I met Nora Dunn while I was living in Toronto, before she sold her successful financial planning business, along with most of her belongings, to become a full-time traveler and freelance writer. As The Professional Hobo, she has been on the road since 2007. She travels in a financially sustainable manner, specializing in creative travel strategies like getting free accommodation and flying in business class for less than economy prices; all the while earning income with her location-independent career. Today I’d like to share an article Nora wrote last summer for CareOne on Critical Illness Insurance, and how it fits as part of your investment portfolio.
Insurance is rarely something we want to think about, but it’s also something we need the most when it’s too late. Here is a basic overview of critical illness insurance, how it can save your finances (more than other kinds of insurance), and how you can get your money back if you don’t make a claim.
CRITICAL ILLNESS INSURANCE BASICS
Critical Illness pays a lump sum tax-free pile of money if you are diagnosed with an illness (or have an accident) that is on a predetermined list. Depending on the policy you choose, there can be a lengthy list of illnesses, but the main ones (that garner the most claims, and are covered under most policies) are heart attack, stroke, and cancer.
You can use the money however you want, from paying for medical expenses and assistance, to covering off living expenses while taking time off work, and more. Once you make a claim, the money is yours, carte blanche. The money is generally payable 30 days after diagnosis. Depending on the doctors’ reports required, it may take longer.
In addition to heart attack, stroke, and cancer, the following illnesses and injuries may be covered under your critical illness insurance policy:
- Aortic Surgery
- Coronary artery bypass surgery
- Kidney failure
- Loss of limbs
- Loss of speech
- Major organ failure/transplant
- Multiple Sclerosis
- Severe burns
Your Chances of Making a Claim
We have a greater chance of being diagnosed with a heart attack, stroke, or cancer (and surviving), than we do of dying before the age of 75. These three biggies account for 85% of critical illness insurance claims. And surviving them can cost a lot.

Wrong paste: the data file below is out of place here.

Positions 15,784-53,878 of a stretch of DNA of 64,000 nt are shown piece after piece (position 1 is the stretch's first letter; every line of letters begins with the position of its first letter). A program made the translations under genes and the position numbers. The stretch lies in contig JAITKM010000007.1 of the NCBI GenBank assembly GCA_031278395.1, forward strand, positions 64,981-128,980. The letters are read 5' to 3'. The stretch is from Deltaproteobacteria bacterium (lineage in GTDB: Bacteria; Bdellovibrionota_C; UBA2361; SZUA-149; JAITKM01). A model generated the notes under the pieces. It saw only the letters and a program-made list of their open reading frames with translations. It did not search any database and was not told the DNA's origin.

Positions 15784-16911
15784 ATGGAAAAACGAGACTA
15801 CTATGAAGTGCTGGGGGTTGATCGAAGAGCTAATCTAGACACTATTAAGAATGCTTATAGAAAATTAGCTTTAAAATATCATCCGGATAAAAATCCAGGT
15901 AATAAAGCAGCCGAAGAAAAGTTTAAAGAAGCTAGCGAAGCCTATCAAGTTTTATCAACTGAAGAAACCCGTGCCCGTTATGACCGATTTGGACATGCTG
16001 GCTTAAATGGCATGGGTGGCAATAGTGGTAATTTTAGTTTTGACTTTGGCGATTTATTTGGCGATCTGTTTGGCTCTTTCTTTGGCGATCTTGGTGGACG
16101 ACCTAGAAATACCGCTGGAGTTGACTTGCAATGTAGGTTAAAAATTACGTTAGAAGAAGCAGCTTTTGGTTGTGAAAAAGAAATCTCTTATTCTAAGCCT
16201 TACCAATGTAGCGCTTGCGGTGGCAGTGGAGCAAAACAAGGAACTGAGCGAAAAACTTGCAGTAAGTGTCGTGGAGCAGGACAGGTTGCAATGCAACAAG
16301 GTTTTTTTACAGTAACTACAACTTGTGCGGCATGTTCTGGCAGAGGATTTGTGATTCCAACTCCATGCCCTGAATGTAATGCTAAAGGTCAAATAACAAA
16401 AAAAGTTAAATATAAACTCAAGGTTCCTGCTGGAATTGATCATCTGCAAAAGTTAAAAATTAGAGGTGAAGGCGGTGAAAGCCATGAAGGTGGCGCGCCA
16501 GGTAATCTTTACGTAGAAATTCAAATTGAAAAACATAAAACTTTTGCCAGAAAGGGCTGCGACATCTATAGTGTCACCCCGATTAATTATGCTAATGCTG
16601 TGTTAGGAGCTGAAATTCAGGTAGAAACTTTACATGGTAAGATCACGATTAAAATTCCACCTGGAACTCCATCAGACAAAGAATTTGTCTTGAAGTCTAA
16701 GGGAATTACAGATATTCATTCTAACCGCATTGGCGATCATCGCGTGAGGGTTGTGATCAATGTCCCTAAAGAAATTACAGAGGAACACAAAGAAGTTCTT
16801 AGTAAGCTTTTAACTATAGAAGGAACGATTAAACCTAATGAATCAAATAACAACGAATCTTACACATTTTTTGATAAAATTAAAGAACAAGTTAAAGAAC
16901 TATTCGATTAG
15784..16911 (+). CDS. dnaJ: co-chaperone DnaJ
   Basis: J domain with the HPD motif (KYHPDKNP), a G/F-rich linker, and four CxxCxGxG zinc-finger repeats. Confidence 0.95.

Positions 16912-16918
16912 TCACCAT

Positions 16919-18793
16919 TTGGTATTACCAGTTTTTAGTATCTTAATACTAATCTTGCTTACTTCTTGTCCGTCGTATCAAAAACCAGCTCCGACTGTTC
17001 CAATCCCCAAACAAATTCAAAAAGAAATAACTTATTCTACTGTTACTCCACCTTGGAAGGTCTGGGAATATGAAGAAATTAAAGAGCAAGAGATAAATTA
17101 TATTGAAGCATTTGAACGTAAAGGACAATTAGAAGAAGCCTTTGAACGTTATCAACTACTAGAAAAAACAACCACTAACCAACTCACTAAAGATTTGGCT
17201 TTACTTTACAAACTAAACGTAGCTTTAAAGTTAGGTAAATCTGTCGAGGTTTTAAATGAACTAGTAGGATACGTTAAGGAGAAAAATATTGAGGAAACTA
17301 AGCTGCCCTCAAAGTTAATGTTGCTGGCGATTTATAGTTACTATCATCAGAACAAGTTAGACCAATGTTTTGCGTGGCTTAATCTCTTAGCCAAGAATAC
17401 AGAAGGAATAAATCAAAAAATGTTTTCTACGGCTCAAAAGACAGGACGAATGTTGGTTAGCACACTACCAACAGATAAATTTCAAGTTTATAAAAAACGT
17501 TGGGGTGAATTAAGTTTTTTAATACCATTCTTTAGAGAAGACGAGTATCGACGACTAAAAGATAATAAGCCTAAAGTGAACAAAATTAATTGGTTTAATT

CRITICAL ILLNESS VS DISABILITY INSURANCE
Critical Illness insurance pays out a lump sum on the diagnosis of a specific illness or condition. Disability insurance is an income-replacement tool if you’re unable to work for any reason. The two can be complementary.
For example, Bob suffers a heart attack and requires heart surgery. He is back at work three months later. Bob’s disability insurance policy has a waiting period of 90 days and thus doesn’t start paying out until he has been off for more than three months. In this case he’s back at work so is not entitled to disability income, but has amassed medical expenses during the initial emergency care and in scheduling prompt surgery, his wife took an unpaid leave of absence from work to care for Bob, and their living expenses weren’t covered while he was off work. Critical illness can provide the money Bob needs to keep the mortgage paid and pay his extra medical expenses.
When to Get Critical Illness Instead of Disability Insurance
Critical Illness insurance shouldn’t be considered an alternative to Disability Insurance; they address different needs. But there are a few instances when Critical Illness insurance might be a viable alternative to a full disability insurance policy:
- If you can’t get disability insurance (for example if you don’t qualify by virtue of your career).
- If you have a long-term disability insurance plan through work, but which has a long waiting period (as in the above example) or other conditions that might affect payment (since your group disability insurance plan through work might not be very good).
CRITICAL ILLNESS INSURANCE VS AD&D
Accidental Death & Dismemberment (AD&D) is another kind of insurance that pays a lump sum based on a variety of conditions. Here are the main differences:
- AD&D also pays out if you die (but only from certain causes).
- AD&D has a restrictive list of conditions under which it pays out (such as losing your left arm and your right leg).
- AD&D is inexpensive – because it so rarely pays out. Critical illness insurance is considerably more comprehensive.
GETTING YOUR MONEY BACK FROM CRITICAL ILLNESS INSURANCE
Some critical illness insurance policies offer a premium refund rider that costs extra, but also entitles you to some or all of your money back if you don’t make a claim. For example, when I turn 65, my policy will refund everything I’ve paid in premiums if I haven’t made a claim. This makes critical illness insurance even more attractive, since it reduces financial risk, and the income that could be generated if I invested those extra premiums is minimal in comparison to the payout if I make a claim.
Photo credit: “Pandemic” by Erik Hungerbuhler on Flickr